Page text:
The Acquire Podcast Ep. 1: Connecting the dots on Envestnet’s rebrand
- Envestnet’s CMO Mary Ellen Dugan joins us on the Acquire podcast to talk about the company’s first rebrand in two decades.
- From radio to digital to the Financial District – the campaign is connecting dots across our complex financial lives.
Welcome to Acquire, Tearsheet’s Marketing Podcast. I’m your host, Rebecca Alma Cohen, Head of Tearsheet Studios. And this is our very first episode.
The Acquire Podcast is all about exploring marketing campaigns for new brands, products and services in the financial industry. I’ll be talking to marketing and creative leaders across the space to give our listeners a behind the scenes look into the secret sauce (well, as secretive as we can get with marketing folks) that goes into launching the campaigns, from strategy to execution.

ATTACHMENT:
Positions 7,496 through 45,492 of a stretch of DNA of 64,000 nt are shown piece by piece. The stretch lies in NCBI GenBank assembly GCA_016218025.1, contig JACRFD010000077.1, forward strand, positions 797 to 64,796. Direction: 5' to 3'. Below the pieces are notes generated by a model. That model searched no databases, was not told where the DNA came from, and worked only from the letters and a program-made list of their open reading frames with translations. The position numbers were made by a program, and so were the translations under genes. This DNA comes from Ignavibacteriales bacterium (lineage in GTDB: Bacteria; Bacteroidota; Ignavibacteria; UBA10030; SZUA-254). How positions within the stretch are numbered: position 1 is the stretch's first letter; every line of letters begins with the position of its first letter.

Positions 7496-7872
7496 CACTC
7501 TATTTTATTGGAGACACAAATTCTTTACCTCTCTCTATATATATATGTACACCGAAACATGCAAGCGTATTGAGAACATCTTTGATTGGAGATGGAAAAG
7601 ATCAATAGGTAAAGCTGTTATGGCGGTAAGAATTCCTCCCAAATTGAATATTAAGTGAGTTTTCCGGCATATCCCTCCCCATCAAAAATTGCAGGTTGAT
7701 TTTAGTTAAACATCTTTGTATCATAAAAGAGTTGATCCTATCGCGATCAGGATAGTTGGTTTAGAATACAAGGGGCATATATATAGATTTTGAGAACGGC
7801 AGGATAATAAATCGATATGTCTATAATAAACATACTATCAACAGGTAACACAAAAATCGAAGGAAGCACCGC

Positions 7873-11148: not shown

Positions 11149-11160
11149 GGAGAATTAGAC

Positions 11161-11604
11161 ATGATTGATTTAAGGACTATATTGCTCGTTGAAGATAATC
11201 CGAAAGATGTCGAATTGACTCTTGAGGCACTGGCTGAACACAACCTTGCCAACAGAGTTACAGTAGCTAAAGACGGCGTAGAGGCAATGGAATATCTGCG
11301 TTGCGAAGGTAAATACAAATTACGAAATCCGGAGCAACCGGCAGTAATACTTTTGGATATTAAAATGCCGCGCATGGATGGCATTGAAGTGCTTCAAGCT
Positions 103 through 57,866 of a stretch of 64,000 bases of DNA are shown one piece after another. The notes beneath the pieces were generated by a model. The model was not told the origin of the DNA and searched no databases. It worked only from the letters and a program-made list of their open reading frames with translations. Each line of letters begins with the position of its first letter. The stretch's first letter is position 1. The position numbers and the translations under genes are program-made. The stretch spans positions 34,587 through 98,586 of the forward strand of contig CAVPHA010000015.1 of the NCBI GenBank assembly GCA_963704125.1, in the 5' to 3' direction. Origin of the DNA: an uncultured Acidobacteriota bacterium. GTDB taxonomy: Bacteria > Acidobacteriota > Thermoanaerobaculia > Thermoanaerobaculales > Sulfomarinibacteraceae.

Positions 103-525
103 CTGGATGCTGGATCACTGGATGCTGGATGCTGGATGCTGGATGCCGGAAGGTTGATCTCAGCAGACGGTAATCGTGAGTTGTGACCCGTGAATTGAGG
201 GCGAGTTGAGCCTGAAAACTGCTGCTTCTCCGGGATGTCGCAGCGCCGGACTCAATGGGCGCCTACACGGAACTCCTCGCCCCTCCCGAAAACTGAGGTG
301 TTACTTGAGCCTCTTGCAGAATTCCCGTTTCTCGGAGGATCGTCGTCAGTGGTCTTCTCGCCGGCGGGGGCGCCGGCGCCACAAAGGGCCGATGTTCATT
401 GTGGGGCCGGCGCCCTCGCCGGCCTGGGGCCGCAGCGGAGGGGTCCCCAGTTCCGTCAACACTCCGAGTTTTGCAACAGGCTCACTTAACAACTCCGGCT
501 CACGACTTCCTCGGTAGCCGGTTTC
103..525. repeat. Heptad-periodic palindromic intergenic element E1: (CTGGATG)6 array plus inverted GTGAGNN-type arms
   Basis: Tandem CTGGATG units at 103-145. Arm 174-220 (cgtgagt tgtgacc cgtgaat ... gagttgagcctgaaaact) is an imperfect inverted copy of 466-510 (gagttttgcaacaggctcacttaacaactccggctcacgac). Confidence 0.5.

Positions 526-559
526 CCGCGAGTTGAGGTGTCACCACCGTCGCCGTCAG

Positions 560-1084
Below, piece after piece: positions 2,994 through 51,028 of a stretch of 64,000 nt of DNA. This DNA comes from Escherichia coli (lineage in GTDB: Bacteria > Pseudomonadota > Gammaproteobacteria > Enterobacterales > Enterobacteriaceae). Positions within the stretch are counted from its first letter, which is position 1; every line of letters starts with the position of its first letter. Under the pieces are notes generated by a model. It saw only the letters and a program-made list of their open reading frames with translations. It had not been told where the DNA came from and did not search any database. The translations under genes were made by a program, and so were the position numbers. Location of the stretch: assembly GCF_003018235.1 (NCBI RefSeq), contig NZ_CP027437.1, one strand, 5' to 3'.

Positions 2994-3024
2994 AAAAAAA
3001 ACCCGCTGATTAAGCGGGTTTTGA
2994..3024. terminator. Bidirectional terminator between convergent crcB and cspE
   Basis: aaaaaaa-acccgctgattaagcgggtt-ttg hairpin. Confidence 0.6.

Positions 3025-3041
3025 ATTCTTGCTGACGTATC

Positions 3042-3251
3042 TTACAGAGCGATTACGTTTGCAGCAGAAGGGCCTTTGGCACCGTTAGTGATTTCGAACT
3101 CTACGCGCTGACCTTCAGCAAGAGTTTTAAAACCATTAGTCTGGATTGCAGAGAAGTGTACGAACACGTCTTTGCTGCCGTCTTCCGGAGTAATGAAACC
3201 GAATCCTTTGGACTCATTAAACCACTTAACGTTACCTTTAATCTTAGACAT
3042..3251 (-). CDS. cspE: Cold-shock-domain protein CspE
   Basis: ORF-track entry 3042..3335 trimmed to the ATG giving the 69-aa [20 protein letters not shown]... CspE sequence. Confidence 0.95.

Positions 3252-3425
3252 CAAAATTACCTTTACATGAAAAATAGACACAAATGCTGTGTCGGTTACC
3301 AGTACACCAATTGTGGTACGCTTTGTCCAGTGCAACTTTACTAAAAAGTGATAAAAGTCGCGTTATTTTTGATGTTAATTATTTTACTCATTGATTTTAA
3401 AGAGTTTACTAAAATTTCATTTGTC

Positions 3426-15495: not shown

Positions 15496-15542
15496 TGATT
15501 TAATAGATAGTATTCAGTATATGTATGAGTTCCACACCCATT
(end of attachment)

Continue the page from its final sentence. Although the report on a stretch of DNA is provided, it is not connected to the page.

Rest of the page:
We’ll be rolling out a new episode every other week. If you want to make sure you never miss it, subscribe to our marketing newsletter here — that’s where our marketing specialist Rivka Abramson will let you know whenever there’s a new episode coming out, along with everything else interesting we have to say about marketing in the financial space today.